Behind the scenes: “Love a Positive Life”

We go behind the scenes of ‘Love a Positive Life’ to explore the importance of representation in personal storytelling.

Last year, Gemma Taylor and Benjamin Chesterton from DuckRabbit produced a film - 'Love a Positive Life' - with Daphine, where she shared her experiences of living with HIV, and becoming a young role model.

The film won the prestigious Golden Radiator Award celebrating the best in charity aid films. Here we interview Daphine, Benjamin and Gemma about why representation matters to them.

So, firstly: Daphine, why did you want to tell your story?

Daphine: Because I knew I would help many other young people living with HIV to overcome stigma like I overcame it, and I also wanted to air the work of Link Up.

When I was first diagnosed it all scared me. I’ve really gained courage and strength to tell about my status. You find some people don’t like themselves, they don’t like their positive status. Me, I really love myself, I really love the positiveness in me.

Why this film, and why Daphine?

Gemma: Being a teenager is hard. Being a teenager and living with HIV means navigating not only adolescence, and the usual relationships, self-esteem issues, etc., but also HIV-related stigma and fear.

Through the Alliance’s Link Up work we were aware of many teenagers who have navigated that difficult, personal journey, and we wanted to share their story through getting people to engage with one young person.

Daphine felt she had personally developed during Link Up and wanted to share her story, including discovering her status and losing her mother. We went through everything involved in doing so, and we felt secure in the decision being jointly made.

How much did you think about how Daphine would be portrayed in advance? Were you concerned about stigma towards her for featuring in a film about HIV?

Gemma: Before I’d even met Daphine, I was keen that this film would challenge any negative stereotypes relating to HIV.

I couldn’t be specific about portrayal until we knew who we were working with, as you can’t ‘script’ someone’s life. Everyone has a story to tell, we just had to wait and find out what that was. I was keen for relationships to feature, to show it is possible to live a healthy fulfilled life with HIV, including having happy, healthy sexual relationships.

Benjamin: When you sit and listen to someone and are genuinely open to their story; when their story is not being pushed out of shape in order to be 'on message', then, in my experience, you'll make a film that feels authentic.

Daphine - behind the scenes of 'Love a Positive Life'

Daphine behind the scenes of 'Love a Positive Life', filmed in Uganda.

Benjamin, Gemma: how did you make sure Daphine was involved in how she was represented?

Benjamin: When making a film that includes sensitive issues, the most important thing is to establish trust. It's very hard to do that if you burst in on the scene, waving your camera around.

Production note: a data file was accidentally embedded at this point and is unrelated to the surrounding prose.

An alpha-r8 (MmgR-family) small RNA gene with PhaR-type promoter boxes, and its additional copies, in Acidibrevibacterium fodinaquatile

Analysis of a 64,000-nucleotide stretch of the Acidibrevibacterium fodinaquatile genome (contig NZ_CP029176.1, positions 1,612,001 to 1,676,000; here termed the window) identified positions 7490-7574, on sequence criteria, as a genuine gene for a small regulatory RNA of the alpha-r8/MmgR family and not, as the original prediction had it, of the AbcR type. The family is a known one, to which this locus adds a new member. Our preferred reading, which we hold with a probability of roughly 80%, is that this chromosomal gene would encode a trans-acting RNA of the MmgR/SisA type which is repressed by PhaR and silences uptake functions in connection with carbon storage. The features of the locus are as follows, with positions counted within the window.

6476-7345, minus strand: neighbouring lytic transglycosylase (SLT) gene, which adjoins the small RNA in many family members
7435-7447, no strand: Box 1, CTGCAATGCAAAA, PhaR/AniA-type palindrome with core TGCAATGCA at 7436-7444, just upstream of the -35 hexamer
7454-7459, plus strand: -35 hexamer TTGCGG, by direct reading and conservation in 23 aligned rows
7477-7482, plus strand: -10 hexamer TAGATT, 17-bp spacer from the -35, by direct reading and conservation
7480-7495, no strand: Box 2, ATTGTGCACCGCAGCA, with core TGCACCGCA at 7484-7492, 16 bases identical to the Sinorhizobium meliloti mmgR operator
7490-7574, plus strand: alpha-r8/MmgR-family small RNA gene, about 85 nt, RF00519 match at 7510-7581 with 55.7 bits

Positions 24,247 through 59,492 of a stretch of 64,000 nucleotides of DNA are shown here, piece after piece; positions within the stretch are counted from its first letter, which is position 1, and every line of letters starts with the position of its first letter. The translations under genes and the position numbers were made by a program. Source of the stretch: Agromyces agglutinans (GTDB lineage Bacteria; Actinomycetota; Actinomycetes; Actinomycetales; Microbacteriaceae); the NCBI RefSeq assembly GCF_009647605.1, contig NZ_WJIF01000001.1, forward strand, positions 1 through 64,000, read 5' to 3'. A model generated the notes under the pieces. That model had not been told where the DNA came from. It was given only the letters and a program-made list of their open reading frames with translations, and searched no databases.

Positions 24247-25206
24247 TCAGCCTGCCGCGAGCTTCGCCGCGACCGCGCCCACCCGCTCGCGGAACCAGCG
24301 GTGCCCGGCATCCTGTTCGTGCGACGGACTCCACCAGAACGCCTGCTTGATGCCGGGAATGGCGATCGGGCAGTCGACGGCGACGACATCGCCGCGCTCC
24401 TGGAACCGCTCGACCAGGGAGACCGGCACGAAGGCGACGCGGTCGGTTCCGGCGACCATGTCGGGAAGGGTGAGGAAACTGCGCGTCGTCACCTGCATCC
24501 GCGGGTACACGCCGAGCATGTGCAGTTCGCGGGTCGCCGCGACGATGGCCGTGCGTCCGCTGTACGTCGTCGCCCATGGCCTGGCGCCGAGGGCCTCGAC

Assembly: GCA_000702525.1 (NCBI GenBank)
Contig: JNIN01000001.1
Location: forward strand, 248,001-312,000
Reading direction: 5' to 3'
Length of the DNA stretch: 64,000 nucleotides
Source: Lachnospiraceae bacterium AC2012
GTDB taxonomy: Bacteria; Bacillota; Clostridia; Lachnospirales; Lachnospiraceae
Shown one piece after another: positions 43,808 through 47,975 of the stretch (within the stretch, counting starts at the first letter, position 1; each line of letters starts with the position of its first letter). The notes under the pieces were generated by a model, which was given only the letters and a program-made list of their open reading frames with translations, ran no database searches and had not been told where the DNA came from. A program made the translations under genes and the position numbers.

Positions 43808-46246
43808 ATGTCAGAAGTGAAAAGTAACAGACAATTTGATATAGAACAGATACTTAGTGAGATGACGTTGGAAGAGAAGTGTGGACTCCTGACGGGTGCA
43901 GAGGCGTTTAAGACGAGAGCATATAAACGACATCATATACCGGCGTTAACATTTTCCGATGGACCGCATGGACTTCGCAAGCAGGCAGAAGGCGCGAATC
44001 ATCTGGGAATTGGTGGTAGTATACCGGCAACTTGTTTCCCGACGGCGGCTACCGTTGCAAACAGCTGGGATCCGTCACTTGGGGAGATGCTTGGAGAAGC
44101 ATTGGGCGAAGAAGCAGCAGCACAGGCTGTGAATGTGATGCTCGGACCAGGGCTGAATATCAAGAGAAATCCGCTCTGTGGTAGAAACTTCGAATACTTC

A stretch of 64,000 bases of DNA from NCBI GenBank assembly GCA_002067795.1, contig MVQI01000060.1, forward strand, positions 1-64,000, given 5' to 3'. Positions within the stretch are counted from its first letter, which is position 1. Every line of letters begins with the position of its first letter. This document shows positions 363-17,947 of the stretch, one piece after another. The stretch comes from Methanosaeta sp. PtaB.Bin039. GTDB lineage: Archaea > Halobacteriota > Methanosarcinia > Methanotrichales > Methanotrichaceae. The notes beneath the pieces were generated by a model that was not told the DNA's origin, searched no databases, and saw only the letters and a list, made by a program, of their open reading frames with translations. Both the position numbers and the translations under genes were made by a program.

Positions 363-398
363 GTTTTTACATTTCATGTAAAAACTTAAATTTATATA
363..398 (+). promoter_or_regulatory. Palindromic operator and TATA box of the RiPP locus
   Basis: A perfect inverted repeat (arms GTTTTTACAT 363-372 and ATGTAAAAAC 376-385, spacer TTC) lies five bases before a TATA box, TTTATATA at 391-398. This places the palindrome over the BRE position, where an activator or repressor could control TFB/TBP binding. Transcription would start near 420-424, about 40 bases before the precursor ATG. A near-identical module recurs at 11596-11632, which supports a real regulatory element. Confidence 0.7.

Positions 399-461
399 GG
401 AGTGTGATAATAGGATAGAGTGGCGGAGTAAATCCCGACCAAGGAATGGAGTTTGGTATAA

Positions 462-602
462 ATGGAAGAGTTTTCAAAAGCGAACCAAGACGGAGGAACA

You must form a proper plan with your client, and where possible visit the potential locations where you'll be shooting. Don’t pick up your camera until you're sure what your story is, how you're going to tell it, and you've made sure that your client is happy with it. That's the process that we followed with Daphine and it worked really well.

Gemma: The principle of a ‘no-camera day’ is built in to the Alliance guidelines on representation. I adopted this principle from conversations with DuckRabbit! So I knew they would be a team who would ‘get’ what we were trying to do.

Daphine’s input was paramount every day. From what to wear, where to film, what exactly she wanted to share, everything. We hoped the finished film would be a lovely surprise in how it all came together - and of course she commented on the film before we went live with it.

Daphine, how important was it that the crew spent time with you first before they filmed anything?

Daphine: Really important. It’s actually one of those moments I don't want to forget! It made them my friends which helped me to get free and close to them and that helped me to be open to them.

And what about when you saw the final film for the first time?

Daphine: I felt I existed and was so excited. I have featured in a few videos before but this made me feel great because I did it as an individual. It opened up my doors to the outside world and helped me get closer to other young people. I enjoyed the experience and feel loved, as well as empowered to continue changing young people's lives for the better.

Take a look at our publication 'Why representation matters' for more insight into the importance of representation in personal storytelling.